This is such a flawed movie that the message if there is one is lost in its own love for what it is doing through a plot that makes littles sense wrapped in a narrative that struggles to know what it is present for. The idea that any kind of media is more important than human life is patently ridiculous, that because some music is absent from the world means that there is a hollowness to life itself is frankly juvenile. This is a movie that also comes from another time, one where Richard Curtis was in his twenties not the age he is now. This is a movie that centres on a fairly ordinary genre idea that is never fully expounded on, that is never analysed, is just accepted by the central character (and a few others) with little other consequence, except for some side scenes and comments regarding Coke and smoking. There is no wider analysis carried out by anyone which renders the plot almost pointless.
That is not to say that if you turn your brain off you will not enjoy the movie but that comes from the fact that it is peppered with Beatles music, to get an audience to have fun with that music is a low bar, to me “Yesterday” belongs in yesterday.
“Yesterday” arrives on 4K UHD packaged in a standard case inside a sleeve with raised lettering. Video codec is 2160p/HEVC H.265 and default audio is Dolby Atmos. Once the disc is inserted into the player, the full-motion menu with music immediately pops up; no previews or promos precede it.
“Yesterday” has a sharp 2160p/HEVC H.265 encode and looks fantastic in 4K UHD. The smooth, grain-free presentation provides a crisp yet warm picture with only a couple of brief instances of judder and motion blur. Sometimes digital photography can result in a cold, uninviting image, but Christopher Ross’ cinematography welcomes us in and often exudes a film-like feel. All in all, this transfer provides an immersive experience.
“Yesterday” has a Dolby Atmos mix, most impressive are the overhead channels, which really kick in during the song and concert sequences to provide completely enveloping sound. Superior fidelity and tonal depth heighten the impact of the music, but atmospherics come through well, too. The rear speakers get a lot of activity as well, but it’s more subtle, and distinct stereo separation across the front channels nicely widens the forward soundscape.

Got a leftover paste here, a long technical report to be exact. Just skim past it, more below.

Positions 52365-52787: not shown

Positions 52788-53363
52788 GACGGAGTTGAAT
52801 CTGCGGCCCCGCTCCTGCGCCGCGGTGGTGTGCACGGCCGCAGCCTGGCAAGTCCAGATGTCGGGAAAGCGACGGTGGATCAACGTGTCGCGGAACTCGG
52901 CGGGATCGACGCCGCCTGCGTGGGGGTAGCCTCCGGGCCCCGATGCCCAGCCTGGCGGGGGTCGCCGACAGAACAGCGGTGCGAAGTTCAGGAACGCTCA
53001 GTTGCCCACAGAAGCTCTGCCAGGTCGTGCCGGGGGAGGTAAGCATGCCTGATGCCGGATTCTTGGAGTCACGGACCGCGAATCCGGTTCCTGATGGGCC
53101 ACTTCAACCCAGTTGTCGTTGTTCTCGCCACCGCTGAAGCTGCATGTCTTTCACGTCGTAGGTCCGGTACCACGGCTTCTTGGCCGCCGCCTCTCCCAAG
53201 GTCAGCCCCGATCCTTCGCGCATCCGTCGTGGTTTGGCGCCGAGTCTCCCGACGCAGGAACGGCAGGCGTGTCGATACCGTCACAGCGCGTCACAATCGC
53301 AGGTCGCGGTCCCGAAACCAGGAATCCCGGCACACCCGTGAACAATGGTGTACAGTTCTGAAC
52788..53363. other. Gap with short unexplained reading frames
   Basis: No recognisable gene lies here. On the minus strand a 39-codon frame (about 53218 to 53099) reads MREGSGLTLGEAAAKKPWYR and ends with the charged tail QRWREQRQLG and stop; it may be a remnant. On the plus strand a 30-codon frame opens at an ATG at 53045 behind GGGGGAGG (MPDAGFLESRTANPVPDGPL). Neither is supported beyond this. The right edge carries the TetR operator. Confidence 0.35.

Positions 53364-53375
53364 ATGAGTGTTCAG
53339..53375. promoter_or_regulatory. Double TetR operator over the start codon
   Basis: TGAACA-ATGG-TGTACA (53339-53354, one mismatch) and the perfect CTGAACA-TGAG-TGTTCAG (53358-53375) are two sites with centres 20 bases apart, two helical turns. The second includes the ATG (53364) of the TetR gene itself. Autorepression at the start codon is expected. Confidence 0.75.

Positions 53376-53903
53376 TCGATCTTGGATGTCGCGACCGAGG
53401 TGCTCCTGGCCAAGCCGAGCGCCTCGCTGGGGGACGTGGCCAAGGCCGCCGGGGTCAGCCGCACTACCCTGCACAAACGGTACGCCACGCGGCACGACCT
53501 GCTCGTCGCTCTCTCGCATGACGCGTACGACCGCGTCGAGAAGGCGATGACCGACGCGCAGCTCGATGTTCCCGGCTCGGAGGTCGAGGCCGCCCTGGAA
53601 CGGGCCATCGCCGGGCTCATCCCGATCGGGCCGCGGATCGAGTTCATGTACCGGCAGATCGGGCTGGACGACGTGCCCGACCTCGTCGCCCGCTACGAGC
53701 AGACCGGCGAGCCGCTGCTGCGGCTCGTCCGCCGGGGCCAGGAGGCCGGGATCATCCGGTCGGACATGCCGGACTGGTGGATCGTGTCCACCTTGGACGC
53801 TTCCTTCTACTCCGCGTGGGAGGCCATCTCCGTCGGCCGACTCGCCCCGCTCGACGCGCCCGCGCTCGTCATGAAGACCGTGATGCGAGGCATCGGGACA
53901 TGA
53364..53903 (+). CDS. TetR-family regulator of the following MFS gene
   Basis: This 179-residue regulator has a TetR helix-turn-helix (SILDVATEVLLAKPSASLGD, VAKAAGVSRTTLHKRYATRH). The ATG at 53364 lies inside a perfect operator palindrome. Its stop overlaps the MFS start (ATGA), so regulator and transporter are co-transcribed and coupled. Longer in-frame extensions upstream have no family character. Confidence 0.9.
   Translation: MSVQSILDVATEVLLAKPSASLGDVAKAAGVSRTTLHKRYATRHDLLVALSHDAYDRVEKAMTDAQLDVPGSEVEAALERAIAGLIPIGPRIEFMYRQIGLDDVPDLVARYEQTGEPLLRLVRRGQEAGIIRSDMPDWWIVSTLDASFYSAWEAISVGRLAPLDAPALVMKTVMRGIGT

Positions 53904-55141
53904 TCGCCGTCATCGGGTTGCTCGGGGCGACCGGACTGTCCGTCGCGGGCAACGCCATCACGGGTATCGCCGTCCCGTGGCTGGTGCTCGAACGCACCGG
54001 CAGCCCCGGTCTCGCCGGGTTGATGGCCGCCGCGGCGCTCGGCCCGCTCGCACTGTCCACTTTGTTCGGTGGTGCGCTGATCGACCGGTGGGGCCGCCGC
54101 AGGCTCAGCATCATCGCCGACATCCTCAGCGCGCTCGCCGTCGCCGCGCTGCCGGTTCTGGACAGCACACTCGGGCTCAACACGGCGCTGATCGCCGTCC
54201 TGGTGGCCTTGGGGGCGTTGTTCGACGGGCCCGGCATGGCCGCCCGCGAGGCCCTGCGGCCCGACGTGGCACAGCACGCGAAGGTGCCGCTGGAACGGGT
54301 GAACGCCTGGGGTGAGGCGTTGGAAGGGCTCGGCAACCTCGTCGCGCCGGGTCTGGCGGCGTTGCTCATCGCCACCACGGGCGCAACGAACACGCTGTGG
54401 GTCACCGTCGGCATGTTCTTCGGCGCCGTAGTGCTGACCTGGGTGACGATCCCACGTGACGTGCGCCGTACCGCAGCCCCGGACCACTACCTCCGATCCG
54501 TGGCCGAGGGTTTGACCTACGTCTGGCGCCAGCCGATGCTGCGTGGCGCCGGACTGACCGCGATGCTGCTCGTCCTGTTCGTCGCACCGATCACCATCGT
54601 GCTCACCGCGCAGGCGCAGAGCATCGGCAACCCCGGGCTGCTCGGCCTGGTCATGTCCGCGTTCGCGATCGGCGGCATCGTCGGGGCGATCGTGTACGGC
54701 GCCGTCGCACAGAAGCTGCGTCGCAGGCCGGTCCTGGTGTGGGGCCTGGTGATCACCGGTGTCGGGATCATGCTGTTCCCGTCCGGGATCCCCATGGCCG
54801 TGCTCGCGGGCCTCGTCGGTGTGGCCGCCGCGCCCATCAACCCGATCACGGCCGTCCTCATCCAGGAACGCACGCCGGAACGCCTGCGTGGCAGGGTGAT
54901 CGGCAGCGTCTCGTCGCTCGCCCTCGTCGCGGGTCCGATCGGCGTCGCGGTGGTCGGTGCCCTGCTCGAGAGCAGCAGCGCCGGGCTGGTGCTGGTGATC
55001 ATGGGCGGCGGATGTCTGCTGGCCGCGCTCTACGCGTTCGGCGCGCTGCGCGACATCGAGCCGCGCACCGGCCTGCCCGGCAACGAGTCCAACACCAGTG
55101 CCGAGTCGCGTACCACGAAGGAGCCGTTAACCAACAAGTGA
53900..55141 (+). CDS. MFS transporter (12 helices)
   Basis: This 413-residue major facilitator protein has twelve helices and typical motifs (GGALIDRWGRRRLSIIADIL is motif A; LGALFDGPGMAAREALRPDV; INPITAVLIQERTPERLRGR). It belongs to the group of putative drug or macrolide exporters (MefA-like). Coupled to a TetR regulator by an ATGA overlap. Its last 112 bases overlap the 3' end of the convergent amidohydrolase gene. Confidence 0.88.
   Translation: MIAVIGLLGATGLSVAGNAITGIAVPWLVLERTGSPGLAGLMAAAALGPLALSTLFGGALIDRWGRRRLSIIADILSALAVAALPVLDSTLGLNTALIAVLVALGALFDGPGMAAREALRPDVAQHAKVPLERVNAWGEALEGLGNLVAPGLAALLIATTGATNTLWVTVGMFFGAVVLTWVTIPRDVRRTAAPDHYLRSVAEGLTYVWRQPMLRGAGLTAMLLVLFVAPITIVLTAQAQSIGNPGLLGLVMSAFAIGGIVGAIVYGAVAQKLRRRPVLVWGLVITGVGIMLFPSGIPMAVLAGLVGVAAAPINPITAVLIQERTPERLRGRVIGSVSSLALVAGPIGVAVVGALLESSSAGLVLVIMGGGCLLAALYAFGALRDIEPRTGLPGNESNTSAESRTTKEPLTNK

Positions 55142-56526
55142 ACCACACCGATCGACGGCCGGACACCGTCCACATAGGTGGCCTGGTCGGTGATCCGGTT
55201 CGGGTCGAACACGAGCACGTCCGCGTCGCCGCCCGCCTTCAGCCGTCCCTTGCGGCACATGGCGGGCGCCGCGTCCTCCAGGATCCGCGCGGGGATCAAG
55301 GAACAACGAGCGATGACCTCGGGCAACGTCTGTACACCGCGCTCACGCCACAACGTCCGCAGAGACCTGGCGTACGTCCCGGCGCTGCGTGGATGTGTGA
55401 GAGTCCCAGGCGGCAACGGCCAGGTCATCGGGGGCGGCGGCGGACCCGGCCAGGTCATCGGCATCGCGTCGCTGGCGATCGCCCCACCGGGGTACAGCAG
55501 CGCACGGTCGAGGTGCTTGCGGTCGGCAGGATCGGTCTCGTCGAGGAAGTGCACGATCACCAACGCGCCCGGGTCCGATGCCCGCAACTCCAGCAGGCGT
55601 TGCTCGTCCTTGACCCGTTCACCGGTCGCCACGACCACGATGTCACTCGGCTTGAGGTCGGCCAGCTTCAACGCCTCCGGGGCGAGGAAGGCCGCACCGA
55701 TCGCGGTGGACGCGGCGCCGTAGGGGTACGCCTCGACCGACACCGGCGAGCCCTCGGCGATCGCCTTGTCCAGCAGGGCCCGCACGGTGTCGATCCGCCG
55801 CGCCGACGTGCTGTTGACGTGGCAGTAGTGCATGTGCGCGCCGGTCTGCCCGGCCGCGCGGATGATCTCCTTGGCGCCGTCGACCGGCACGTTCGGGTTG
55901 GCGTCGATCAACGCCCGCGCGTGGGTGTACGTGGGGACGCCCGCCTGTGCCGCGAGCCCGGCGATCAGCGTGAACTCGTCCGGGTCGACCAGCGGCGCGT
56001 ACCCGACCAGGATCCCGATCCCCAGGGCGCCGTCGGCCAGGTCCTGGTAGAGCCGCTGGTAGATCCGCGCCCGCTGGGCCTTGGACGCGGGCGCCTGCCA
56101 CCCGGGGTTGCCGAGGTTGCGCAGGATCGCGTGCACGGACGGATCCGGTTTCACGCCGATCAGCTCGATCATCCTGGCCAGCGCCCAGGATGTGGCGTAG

- Audio Commentary – Director Danny Boyle and writer-producer Richard Curtis sit down for a jovial, enjoyable commentary that’s short on substance, but long on camaraderie and good humor. The two men know each other well and their potent chemistry makes this discussion fly by. The duo provides a scene-specific chat, remarking on various locations, artistic decisions, and favorite moments and choices, and they share a few behind-the-scenes anecdotes, but there’s not much background info on casting and development or any thematic or character analysis. As a result, it’s a pretty skippable track.
- Deleted Scenes (UHD, 23 minutes) – A whopping 12 excised scenes comprise this surprisingly entertaining collection. Though some of the sequences are superfluous and were wisely cut, several are quite good and would have been welcome additions to the film. Length and pacing considerations most likely sealed their fate, but they’re still worth checking out.
- Alternate Ending (UHD, 3 minutes) – This ending puts a different spin on the story and it just doesn’t work. Some might feel differently, but I think Boyle and Curtis chose the right way to end their film.
- Alternate Opening (UHD, 5 minutes) – The same holds true for this alternate opening, which lacks the vitality of the opening in the finished film.
- Live at Abbey Road Studios (UHD, 10 minutes) – This trio of music videos features Himesh Patel performing “Yesterday,” “I Want to Hold Your Hand,” and “Let It Be”at the legendary Abbey Road Studios.
- Gag Reel (UHD, 2 minutes) – This collection of bloopers and break-ups is about as funny as most of these compilations, which means it’s only mildly amusing at best.
- Featurette: “A Talented Duo” (UHD, 3 minutes) – This piece salutes director Danny Boyle and writer-producer Richard Curtis, and includes testimonials from Patel, McKinnon, James, and Sheeran, among others.
- Featurette: “Playing for Real” (UHD, 6 minutes) – This featurette covers the casting of Patel, his intense musical preparation for the film, the decision to perform all the songs live, and the actor’s talent and instinctive interpretive ability.
- Featurette: “Soul Mates” (UHD, 5 minutes) – Lily James and Himesh Patel discuss the relationship between their characters and working together as actors, while Boyle, Curtis, and McKinnon laud their performances.
- Featurette: “Ed Sheeran: From Stadium to Screen” (UHD, 3 minutes) – The singer/musician talks about his connection to the material, his excitement about acting, and the song he wrote on the fly for the movie. We also learn the Wembley Stadium sequence in Yesterdaywas shot immediately following an actual Ed Sheeran concert using the same massive crowd.
- Featurette: “Agent of Comedy: Kate McKinnon” (UHD, 3 minutes) – McKinnon praises the Yesterday script, recalls her intense desire to play the role, and relates what The Beatles mean to her in this breezy featurette, which also includes some rehearsal footage of the actress.
- Featurette: “A Conversation with Richard & Ed” (UHD, 3 minutes) – Curtis and Sheeran reminisce about their mutual connections to Suffolk, England and how Sheeran snagged his part in the picture…after Chris Martin of Coldplay couldn’t do it.